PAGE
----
Part of the reason Jolson performed in blackface was because he wanted the audiences to know that the jazz music he was performing came from african-american culture. Blacks were not allowed to perform in front of white audiences in the 1920's. Part of the reason why blacks respected Jolson and let him into nightclubs was because Jolson actually let audiences know they existed and that Jazz music came from their culture. Once the late 30's and 40's rolled around, blacks actually could perform for white audiences, but still couldn't stay at segregated hotes or eat at segregated restaurants. By that time Jolson no longer performed in blackface since Americans at the time were aware that Jazz music was rooted in African-American culture and the African-American Jazz musicians could perform the music themselves for white audiences.

  4. Anonymous says:

    I'm going to say this over and over again freedom of speech should work today. I dont care if its a black man or a white man talking, but if you don't like what they say if they are referring to black or white people don't SCREAM RACISM. It's retarded.

  5. Anonymous says:

    if you disagree with racism you should make note of and call out racism when it is validated as such by someone's actions or expressed beliefs. people should be free to say what they want including being free to call others racists when they are.

  6. Ploni says:

    I think it is obvious that he did blackface to poke fun at the audiences racism or their uncomfortable issues regarding race, rather than using it to poke fun at african americans. I think like most things, in context there are exceptions to nearly all the rules and generally black face was perhaps used to belittle african americans, however I sincerely think he did it ironically. To belittle the racists themselves… Maybe one of the first "hipsters" to use irony, like an indie band wearing Ron Paul T-shirts to a gig.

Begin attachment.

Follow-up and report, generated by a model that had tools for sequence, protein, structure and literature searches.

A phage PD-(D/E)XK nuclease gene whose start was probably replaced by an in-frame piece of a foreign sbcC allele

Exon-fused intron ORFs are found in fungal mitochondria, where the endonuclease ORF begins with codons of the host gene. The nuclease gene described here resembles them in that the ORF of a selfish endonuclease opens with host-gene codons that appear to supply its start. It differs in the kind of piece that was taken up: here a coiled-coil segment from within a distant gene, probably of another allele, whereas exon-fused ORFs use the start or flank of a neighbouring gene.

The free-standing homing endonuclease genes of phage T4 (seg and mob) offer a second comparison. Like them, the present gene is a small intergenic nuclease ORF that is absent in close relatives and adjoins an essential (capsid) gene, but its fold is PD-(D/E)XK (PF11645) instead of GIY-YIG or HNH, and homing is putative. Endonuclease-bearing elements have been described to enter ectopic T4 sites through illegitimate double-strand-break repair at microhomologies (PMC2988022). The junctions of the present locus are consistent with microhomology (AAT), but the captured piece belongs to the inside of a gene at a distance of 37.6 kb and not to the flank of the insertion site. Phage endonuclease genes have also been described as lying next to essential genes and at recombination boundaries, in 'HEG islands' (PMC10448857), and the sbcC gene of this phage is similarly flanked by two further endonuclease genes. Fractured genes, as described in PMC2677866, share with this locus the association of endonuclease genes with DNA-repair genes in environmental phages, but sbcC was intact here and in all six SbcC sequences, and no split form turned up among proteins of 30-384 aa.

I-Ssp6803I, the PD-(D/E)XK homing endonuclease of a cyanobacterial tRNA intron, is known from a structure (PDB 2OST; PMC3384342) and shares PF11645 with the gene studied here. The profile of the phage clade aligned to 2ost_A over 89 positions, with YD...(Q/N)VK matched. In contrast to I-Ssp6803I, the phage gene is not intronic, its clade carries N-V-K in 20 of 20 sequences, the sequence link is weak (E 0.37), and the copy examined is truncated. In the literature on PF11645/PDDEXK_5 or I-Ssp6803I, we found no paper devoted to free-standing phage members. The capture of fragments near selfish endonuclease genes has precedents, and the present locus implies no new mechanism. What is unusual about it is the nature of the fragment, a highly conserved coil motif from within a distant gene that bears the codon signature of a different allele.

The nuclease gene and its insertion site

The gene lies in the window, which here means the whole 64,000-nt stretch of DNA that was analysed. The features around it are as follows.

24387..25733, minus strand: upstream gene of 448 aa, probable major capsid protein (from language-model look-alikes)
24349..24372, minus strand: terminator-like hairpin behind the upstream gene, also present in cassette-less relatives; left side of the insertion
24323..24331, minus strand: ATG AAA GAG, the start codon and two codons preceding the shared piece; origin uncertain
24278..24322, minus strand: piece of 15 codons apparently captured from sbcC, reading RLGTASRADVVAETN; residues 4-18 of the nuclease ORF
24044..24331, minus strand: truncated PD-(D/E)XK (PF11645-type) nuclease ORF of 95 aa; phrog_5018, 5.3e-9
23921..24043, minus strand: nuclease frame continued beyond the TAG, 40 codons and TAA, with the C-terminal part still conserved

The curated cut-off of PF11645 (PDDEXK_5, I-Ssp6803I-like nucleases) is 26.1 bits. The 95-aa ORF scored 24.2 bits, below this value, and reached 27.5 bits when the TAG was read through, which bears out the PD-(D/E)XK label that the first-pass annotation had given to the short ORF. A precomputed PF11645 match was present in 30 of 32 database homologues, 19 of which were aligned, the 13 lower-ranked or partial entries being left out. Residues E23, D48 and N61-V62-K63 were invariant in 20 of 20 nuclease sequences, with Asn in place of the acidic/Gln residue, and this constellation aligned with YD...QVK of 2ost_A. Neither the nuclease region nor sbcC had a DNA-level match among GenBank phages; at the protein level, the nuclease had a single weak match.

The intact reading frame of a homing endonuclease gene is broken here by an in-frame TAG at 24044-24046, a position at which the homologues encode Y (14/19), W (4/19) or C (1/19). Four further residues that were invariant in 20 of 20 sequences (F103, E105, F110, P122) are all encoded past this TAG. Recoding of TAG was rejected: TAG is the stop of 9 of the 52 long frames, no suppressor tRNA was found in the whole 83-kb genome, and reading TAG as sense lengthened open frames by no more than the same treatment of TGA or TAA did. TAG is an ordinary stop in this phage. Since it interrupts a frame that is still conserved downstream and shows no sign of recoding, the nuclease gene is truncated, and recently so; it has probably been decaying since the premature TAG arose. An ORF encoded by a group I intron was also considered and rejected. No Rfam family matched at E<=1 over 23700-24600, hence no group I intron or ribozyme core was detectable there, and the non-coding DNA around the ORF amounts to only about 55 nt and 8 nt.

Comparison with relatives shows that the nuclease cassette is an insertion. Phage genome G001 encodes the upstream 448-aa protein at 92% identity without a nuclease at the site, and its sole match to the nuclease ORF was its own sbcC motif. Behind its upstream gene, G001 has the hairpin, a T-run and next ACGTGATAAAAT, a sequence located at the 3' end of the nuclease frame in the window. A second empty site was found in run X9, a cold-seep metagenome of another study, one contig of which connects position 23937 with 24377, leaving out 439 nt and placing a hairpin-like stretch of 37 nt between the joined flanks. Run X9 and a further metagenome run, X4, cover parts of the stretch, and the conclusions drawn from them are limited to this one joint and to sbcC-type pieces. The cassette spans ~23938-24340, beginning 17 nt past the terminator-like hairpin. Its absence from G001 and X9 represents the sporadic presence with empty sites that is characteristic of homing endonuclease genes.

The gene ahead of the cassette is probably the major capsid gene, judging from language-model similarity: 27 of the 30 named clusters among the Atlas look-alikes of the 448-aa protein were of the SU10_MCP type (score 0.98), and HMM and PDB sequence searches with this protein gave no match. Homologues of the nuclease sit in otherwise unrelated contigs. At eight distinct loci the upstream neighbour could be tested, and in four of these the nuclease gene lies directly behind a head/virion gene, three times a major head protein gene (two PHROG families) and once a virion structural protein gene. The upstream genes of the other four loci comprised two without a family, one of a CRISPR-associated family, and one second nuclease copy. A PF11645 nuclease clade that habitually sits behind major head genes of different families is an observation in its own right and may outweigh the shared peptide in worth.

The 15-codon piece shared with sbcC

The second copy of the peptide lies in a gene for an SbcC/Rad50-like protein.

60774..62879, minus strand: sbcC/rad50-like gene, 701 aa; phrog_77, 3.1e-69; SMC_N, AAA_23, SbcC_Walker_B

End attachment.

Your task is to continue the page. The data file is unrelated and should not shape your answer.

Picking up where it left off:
7. Anonymous says:

    This blog is seriously one of the most hateful and disgusting things that I have seen on the internet and that is saying a lot. Al Jolson DID NOT help black people. He mocked them by dressing up in an exaggerated outfit and adopting exaggerated mannerism and speech. Contrary to your hateful beliefs, blackface was not used to honor black people but to mock them as stupid as amusement for a mainly white audience. If you are going to be a racist, at least be courageous enough to say it directly, you COWARD!

  8. Anonymous says:

    In regard to this last post … on Jan. 2, 2010 … this person would refuse to see the truth under any circumstances. I agree that the black-face tradition seems abhorent now. However, it was a common convention of the time. Even a small amount of research proves beyond doubt that Jolson was the opposite of a racist. This person's post is comparable to dismissing our early presidents because they owned slaves, which, sadly, many people do.

  9. Anonymous says:

    Dear Mental Midgets,You are fond of calling others racist so you must define the term. Practice some introspection while you are at it.Sincerely,Al

  10. Anonymous says:

    Nigras shouldn't be angered about this. They are parodies of themselves by getting in a jungle tizzy about it. Mannerisms that are race specific have been comical subjects for a long time. Chill out, knowumsain?